Phenicia, or Phoenicia, from the Greek phoinix, which meant both a palm, with an intended meaning of the land of palm-trees (palm trees were apparently found through the area - they're pictured on ancient Phoenician coins), and dark red, which may also well apply to the Phoenicians because they are believed by some to be the discoverers of the red-purple dye made from the murex shellfish. Although exact boundary definitions are not clear, Phoenicia was generally a strip of territory varying up to 20 miles / 32 kilometers wide, with a length of approximately 120 miles / 200 kilometers along The Mediterranean Sea from upper Galilee from what is today Haifa, north to the Lebanon range. Among the principal Phoenician cities were Tyre, Sidon, Byblos (Gebal) and Berytos (Beirut).

The Phoenician people were among the great masters of commerce of the ancient world, with colonies widely established along the Mediterranean (e.g. Carthage in North Africa). Due to its location at the "center of the world," Phoenicia became the hub of international finance with trade routes from Asia to Africa converging on the Phoenician coast. This is referred to in The Bible:

The Phoenicians, primarily through King Hiram of Tyre, were major suppliers of materials and skilled labor to Solomon for the building of the original Temple (see Temples), which God commanded to be built in Jerusalem:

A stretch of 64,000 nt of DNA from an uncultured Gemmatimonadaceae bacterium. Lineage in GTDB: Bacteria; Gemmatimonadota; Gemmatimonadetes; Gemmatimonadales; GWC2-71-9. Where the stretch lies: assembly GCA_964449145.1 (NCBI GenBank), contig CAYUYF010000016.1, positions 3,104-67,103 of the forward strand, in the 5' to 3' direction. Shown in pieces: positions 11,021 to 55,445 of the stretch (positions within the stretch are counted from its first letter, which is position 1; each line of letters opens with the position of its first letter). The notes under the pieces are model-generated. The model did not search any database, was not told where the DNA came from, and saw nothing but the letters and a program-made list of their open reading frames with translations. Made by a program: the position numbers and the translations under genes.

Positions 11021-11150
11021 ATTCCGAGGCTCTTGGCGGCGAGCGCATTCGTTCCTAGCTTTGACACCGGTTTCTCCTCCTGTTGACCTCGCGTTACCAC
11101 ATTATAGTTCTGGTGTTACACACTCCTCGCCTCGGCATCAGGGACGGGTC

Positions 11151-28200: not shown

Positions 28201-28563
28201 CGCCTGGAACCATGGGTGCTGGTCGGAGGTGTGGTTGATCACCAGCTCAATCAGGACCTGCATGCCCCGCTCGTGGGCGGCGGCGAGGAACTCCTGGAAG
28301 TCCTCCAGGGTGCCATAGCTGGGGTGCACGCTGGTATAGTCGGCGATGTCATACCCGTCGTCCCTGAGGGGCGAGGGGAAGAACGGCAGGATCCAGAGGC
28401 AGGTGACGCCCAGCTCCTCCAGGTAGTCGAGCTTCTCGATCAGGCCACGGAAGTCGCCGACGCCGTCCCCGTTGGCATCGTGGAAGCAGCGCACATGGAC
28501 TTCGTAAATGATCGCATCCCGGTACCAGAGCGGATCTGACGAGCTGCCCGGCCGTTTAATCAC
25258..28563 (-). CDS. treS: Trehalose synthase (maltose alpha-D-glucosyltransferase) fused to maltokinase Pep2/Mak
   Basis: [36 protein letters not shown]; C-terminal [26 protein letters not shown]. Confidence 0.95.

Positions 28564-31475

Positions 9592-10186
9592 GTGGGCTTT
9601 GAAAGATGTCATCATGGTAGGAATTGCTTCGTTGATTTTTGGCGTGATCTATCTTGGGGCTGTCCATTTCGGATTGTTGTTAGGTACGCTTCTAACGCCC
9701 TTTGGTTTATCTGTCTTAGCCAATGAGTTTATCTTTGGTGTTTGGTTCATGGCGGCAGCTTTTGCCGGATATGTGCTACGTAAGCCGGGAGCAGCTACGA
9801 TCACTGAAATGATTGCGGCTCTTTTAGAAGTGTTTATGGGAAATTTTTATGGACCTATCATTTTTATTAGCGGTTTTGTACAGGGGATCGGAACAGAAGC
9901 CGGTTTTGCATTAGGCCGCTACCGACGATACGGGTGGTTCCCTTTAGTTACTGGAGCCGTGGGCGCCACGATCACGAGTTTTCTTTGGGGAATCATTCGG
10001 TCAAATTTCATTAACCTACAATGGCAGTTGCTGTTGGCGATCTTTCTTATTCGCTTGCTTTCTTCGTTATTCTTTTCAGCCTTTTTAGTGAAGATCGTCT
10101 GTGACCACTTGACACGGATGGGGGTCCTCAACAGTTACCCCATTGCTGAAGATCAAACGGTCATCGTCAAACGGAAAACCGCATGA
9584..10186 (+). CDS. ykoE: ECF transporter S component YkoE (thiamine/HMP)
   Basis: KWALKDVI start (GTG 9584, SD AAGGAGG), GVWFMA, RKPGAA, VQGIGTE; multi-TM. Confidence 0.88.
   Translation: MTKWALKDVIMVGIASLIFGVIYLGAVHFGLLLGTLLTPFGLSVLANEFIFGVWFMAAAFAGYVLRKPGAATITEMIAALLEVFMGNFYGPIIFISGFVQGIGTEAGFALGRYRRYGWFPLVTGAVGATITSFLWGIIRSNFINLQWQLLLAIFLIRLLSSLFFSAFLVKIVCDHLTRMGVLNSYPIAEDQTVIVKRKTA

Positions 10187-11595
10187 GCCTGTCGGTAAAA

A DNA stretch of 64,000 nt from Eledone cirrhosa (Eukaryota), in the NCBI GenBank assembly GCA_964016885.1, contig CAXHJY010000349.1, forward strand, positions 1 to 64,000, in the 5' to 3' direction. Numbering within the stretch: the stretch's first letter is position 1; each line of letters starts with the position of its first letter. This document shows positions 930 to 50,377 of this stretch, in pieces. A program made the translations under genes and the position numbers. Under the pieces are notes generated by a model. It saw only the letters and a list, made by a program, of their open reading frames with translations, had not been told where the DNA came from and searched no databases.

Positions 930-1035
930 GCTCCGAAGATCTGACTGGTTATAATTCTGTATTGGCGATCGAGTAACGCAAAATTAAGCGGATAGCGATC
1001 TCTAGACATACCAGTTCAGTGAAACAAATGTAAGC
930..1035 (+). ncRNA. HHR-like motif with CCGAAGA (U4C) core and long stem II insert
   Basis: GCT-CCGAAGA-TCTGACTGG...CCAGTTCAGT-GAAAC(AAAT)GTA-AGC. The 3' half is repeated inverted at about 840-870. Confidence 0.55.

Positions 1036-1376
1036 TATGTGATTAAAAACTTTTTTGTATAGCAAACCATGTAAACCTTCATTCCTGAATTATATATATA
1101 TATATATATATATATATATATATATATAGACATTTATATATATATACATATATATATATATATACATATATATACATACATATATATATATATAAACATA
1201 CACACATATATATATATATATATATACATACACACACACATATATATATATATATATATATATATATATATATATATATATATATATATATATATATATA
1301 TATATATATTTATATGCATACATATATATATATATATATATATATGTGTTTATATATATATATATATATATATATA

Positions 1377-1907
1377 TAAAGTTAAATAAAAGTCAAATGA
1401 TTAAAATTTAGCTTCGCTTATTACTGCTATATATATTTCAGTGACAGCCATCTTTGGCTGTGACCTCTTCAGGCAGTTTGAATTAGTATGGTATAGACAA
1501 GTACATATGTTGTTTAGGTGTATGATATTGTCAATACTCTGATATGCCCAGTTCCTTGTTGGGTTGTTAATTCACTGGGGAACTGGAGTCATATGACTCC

The Phoenician religion was similar to that of the Canaanites, with Baal, and its related idols, the most prevalent. Jezebel (bel is a form of baal), a Phoenician woman from Sidon who married King Ahab of Israel (despite God's repeated command for the Israelites not to marry idol worshipers) was one of the most infamous corruptive influences to the Israelites in her time. She fiercely attempted to obliterate the worship of the True God - she commanded that the people forsake The Lord, and murdered as many of His prophets that she could find (1 Kings 18:4), including attempts on Elijah.

Phoenician dominance began to decline with the rise of the Assyrians (see Ancient Empires - Assyria), although later the Persians (see Ancient Empires - Persia) allowed Phoenicia to maintain itself as a regional ally, where the then still formidable Phoenician fleet was used against Greece and Egypt. The Greek warlord Alexander the Great (see Ancient Empires - Greece) eventually conquered Phoenicia, and with the rise of the Romans (see Ancient Empires - Rome) its power and influence were gone.

Fact Finder: Did Jesus Christ visit and preach in Phoenicia (i.e. Tyre and Sidon)?
Matthew 15:21

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